Oculus has updated their Oculus App to version 1.14. This release has two noteworthy features: full support for 360-degree tracking with three sensors, and the Touch controller can now be used with some, but not all, games that were previously gamepad-exclusive. For the latter, you will need to check with each specific game in the Oculus store, where it will be listed with a “Touch (as gamepad)” tag.
As for the former, Oculus has been allowing 2- (like the Vive) and 3-sensor setups for 360-degree tracking for a while, but experimentally. They have apparently settled on the three-sensor setup for final support, though. According to their documentation, they recommend that two of the sensors are plugged into USB 3.0 or higher, while leaving the third on USB 2. Specifically, the USB 2-connected sensor will be the one behind the user, with the two USB 3.0 sensors sitting out in front; to visualize this, imagine stereo speakers sitting on either side of your TV, with only one surround sound speaker behind the user. It will be interesting to see how Oculus two-sensor, Oculus three-sensor, and Vive two-sensor compares, especially since the last two are (in the case of Oculus, now) officially supported, but the first one isn’t.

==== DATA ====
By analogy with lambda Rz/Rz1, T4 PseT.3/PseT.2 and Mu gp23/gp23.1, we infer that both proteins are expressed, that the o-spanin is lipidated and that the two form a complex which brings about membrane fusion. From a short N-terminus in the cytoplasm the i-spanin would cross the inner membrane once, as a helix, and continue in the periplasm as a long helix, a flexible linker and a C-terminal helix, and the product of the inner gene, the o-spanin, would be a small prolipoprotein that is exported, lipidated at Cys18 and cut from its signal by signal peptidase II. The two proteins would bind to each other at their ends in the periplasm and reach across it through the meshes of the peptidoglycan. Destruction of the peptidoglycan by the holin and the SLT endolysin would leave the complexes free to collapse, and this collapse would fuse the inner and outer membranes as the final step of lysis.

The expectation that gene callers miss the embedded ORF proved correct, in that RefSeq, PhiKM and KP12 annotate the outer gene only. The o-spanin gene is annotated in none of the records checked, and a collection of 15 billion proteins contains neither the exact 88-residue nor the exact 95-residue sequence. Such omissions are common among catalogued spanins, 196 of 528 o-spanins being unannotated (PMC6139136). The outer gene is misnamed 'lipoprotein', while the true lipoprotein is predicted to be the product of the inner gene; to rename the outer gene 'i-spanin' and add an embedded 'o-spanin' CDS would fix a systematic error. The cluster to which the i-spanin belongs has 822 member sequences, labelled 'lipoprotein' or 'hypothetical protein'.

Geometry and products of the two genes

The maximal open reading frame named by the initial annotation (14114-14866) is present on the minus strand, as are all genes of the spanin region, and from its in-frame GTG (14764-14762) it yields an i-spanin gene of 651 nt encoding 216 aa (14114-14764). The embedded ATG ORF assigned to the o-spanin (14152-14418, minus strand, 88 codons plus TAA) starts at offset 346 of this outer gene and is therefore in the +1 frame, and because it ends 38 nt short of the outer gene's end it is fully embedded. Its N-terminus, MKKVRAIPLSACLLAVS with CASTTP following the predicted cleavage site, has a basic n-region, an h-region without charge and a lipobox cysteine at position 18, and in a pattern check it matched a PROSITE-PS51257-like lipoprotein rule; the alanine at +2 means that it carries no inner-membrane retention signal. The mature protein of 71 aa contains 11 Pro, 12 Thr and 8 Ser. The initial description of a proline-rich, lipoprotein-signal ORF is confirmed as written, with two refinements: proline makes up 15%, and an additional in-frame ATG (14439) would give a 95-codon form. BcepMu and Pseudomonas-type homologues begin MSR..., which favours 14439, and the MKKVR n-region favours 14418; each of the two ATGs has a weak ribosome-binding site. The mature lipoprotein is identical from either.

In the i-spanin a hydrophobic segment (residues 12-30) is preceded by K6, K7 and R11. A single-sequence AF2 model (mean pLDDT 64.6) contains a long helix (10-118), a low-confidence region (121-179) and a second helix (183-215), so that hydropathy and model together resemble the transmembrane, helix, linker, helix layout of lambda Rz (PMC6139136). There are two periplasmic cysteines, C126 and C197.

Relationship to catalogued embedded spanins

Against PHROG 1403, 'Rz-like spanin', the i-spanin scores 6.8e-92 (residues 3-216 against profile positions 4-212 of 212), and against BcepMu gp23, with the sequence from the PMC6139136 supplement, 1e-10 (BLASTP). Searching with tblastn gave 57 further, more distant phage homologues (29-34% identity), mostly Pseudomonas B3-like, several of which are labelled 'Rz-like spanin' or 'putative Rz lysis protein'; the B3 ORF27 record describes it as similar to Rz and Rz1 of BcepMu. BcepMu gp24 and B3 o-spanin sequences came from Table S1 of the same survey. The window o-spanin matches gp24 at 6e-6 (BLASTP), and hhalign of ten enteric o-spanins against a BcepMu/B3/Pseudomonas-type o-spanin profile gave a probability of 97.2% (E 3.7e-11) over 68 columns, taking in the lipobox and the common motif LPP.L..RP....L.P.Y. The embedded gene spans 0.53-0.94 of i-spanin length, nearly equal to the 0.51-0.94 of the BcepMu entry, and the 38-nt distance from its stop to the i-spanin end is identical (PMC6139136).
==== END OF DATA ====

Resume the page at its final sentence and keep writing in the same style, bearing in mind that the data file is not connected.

While I don’t currently have a Rift, Oculus apparently delivers updates on a staggered schedule. Don’t be surprised if your system isn’t pushed to the new version immediately.
3- and 4- sensor setups have
3- and 4- sensor setups have been supported for several months now. The change for 1.14 is the setup wizard will explicitly assist with the placement of the third sensor, in addition to assisting with the first two as it did before.
I’m kind of mixed on the gamepad emulation for touch: split controllers need to be treated differently for control design than unitary controllers (both due to the movement of two of the buttons to the controller making some stick+button combinations mutually exclusive, and more complex ergonomic reasons due to the lack of being able to support the entire controller with a single hand). There are simpler control schemes that can work well with even just a single handheld controller, but those should probably be relegated to the much lighter Oculus Remote unless they really NEED motion-tracking support. Touch-as-gamepad should probably remain an opt-in rather than an implicit option, or there is going to be a lot of control scheme frustration.